I hate air conditioners. They're noisy, inefficient, expensive, bulky beasts, and I don't own any (technically I suppose there's one in my car, but it hasn't worked since I bought the vehicle, so it doesn't count). When it's warm, I close all the windows, and draw the curtains on the sunny side of the house, letting insulation do the rest (downstairs, the temp stays under 70 even on 90-degree days). As the temperature drops in the evening, I open a downstairs window on the shady side of the house, then open an upstairs window on the sunny side, and put a box fan in the upstairs window, blowing out. It draws cool air up through the house, doesn't use much electricity, doesn't make a ton of noise (and it becomes white noise because it's constant instead of stopping and starting every few minutes), and takes two seconds to install or remove.
At work, though, it's a different story. I wasn't pleased when I saw the bosses' son installing an AC unit in the tiny window in shipping a while back, and figured I wouldn't use it. Boy, was I wrong. Shipping is the hottest part of the facility, being a single-story addition on the south side of the building, and there are no fans available to do what I do at home, pulling cool air from other parts of the building and blowing it out on the hot side, so I end up using the air conditioning a lot more than I thought I would.
One of my coworkers, who covers for me in shipping when I'm on vacation or out sick, runs a lot hotter than I do, and when she was in shipping all day Monday, she set the AC's thermostat to 65 degrees. When things started to get toasty (and humid, which is the bigger problem) yesterday, I turned on the AC, noticed the temperature setting, and immediately put it back where I like it: 74F. That's the point where I'm still a little warm, but walking from shipping to the stockroom (where there's no climate control at all) isn't a huge shock. I hate that wall of hot or cold air as I pass from one zone to another, so I try to keep shipping as warm as I can while still being comfortable.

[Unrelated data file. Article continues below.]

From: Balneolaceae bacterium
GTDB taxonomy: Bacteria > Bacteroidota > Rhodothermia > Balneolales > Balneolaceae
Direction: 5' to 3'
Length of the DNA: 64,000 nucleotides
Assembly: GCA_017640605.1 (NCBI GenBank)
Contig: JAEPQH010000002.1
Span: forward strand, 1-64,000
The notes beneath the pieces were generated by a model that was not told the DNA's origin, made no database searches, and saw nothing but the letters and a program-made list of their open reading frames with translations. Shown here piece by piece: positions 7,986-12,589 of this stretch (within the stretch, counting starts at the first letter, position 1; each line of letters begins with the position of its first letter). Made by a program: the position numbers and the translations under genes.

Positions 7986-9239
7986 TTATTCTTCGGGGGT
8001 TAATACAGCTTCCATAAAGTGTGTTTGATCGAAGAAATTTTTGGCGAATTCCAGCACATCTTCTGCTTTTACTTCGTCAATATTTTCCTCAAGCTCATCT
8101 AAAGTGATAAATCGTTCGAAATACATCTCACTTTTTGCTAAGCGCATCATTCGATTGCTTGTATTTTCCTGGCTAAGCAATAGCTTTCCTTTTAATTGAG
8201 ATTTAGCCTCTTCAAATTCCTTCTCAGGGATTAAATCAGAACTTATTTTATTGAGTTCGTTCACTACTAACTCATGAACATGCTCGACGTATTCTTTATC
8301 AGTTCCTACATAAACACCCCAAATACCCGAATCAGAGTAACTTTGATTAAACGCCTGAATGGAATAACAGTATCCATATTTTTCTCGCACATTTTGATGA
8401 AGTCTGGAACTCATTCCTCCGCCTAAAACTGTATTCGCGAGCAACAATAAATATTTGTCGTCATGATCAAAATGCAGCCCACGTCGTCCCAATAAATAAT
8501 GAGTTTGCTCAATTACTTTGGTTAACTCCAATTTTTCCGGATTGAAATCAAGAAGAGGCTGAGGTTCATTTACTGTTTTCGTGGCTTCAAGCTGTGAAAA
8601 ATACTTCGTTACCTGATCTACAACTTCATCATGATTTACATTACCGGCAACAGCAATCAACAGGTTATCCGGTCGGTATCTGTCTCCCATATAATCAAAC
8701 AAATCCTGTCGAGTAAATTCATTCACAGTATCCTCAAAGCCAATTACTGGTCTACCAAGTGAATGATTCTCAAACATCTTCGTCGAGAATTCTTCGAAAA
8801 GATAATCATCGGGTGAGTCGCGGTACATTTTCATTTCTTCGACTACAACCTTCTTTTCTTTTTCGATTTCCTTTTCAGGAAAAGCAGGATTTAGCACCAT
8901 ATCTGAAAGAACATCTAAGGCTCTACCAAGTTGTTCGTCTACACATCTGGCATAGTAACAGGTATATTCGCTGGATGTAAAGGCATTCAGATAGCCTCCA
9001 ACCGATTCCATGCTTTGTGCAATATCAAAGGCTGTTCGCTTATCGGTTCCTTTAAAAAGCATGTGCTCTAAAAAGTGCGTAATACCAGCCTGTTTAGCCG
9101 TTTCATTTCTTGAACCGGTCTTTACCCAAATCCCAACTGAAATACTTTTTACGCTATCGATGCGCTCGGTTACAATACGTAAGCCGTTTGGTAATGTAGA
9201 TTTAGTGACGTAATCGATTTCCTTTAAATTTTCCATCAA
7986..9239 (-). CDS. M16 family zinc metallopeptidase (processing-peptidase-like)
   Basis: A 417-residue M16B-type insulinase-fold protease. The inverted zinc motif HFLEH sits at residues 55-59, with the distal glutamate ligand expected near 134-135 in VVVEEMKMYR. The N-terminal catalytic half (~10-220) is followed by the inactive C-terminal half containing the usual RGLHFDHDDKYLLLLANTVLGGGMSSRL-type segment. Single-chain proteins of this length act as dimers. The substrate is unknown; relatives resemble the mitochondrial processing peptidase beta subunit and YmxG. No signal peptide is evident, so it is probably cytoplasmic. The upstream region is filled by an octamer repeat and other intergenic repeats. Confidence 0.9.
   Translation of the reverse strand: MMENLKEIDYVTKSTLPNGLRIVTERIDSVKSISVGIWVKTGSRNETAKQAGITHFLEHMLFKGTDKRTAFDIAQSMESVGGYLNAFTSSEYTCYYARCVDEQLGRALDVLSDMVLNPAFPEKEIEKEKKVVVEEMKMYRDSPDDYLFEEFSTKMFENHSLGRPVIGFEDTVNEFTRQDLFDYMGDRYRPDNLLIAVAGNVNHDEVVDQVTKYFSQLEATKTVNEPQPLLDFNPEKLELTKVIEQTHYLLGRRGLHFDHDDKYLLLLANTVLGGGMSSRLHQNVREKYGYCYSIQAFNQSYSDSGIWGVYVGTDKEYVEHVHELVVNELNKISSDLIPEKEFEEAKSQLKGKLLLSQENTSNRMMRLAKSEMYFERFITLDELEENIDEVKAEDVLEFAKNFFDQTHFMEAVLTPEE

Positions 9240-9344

Now if only I could convince stores to do the same. Leaving the grocery store today, going from 65F to 85F as I crossed the threshold, I instantly broke out in a sweat, and it took 20 minutes of velocity-based cooling (half of my drive home with the windows down) before I was comfortable again. A few degrees higher in the store wouldn't make a huge difference to the food, but it would make a difference to shoppers as they leave the store, not to mention the store's electric bill... but I guess that makes too much sense.